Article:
So what happens when reading habits change? What happens when your average person spends less and less time immersed in sophisticated, literary prose, thereby soaking in an ever narrower range of vocabulary and syntax? What happens when people spend less time reading carefully edited texts, where there are fewer mistakes in grammar and word choice than what is inevitable in spontaneous speech? Might this have an aggregate effect on oral language—on what all of us are collectively hearing and uttering and immersed in as listeners and speakers? Might the result be an impoverishing of vocabulary, a simplification of syntax, and a proliferation of linguistic errors in our everyday conversations–even among those of us who still spend significant time engaging with sophisticated texts?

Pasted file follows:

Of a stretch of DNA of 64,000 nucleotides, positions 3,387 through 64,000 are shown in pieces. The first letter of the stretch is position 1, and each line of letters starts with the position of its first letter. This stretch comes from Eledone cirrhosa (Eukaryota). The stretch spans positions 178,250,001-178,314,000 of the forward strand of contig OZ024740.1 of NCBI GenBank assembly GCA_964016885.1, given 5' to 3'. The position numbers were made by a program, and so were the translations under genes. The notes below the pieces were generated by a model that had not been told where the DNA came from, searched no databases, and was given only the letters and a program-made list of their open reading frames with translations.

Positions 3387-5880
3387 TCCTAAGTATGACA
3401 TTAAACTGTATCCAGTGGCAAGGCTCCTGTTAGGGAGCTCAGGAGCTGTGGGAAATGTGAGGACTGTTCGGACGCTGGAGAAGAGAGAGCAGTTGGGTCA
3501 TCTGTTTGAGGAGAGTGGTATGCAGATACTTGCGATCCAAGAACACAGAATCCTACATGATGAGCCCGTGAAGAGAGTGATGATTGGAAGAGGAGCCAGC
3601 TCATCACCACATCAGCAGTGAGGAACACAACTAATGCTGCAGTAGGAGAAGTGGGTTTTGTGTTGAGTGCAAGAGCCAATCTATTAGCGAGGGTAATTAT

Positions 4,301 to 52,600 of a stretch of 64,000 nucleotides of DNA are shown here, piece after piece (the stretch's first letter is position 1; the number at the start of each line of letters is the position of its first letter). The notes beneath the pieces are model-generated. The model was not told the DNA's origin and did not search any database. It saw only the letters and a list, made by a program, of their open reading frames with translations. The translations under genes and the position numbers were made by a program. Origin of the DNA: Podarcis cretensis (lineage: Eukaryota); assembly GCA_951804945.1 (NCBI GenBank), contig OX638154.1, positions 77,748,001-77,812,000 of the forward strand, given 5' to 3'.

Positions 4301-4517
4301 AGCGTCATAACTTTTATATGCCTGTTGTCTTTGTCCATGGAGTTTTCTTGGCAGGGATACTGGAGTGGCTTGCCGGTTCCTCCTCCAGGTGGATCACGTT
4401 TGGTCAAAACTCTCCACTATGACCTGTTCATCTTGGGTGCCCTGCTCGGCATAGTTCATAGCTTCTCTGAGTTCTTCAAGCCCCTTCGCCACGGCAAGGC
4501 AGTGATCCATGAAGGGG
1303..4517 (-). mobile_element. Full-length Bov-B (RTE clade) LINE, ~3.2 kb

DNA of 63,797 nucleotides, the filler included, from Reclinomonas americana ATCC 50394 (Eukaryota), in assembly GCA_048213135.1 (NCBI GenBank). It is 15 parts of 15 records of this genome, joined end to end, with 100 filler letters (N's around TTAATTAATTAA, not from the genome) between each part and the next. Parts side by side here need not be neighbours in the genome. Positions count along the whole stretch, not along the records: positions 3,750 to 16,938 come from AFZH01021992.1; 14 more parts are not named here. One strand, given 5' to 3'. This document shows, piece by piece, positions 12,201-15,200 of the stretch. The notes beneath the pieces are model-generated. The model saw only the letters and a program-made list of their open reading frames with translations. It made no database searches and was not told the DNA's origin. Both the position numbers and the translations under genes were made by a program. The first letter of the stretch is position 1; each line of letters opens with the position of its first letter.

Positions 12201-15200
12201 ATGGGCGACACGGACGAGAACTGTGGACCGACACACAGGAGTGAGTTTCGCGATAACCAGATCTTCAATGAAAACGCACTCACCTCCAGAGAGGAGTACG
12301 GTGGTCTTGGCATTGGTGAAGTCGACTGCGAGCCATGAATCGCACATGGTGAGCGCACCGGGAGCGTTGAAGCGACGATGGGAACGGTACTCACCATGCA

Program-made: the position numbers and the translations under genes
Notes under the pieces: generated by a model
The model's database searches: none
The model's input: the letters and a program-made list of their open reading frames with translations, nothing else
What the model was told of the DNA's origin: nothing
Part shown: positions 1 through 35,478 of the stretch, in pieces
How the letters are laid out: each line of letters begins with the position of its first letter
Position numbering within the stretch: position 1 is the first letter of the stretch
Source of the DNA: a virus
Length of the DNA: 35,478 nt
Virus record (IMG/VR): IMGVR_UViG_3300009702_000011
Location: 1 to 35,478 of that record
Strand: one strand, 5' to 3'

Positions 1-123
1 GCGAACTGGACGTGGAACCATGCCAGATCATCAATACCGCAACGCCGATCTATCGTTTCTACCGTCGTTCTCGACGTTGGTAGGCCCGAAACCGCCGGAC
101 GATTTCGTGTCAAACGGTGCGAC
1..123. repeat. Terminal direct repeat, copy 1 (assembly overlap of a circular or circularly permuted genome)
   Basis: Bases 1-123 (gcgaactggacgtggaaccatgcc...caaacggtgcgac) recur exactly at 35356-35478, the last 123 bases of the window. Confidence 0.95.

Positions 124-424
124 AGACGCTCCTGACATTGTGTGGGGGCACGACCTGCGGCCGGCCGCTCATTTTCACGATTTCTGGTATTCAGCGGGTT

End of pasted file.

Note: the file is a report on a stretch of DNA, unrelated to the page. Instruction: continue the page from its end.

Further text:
It’s true that errors and simplifications have been around forever, but I wonder if they’re more common now than back when sophisticated, carefully edited texts reached more people. I wonder this when I see preposition disagreement and dangling modifiers and mangled phrases like “he beat me by a long shot” and “attribute hearing loss to language delays” everywhere.

I wonder this when I hear simpler words and word combinations replacing more complex ones: “reveal” for “revelation”; “fail” for “failure”; “push back” for “resistance,” “look-see” for “inspection,” and “nice to haves” for “desiderata.”

I wonder this when I hear “comparable” increasingly pronounced with the accent on the second syllable—compArable—making it more like the simpler verb form from which it derives, and evoking the way a beginning reader might read the word, especially if he has never heard it pronounced in what was once its standard pronunciation.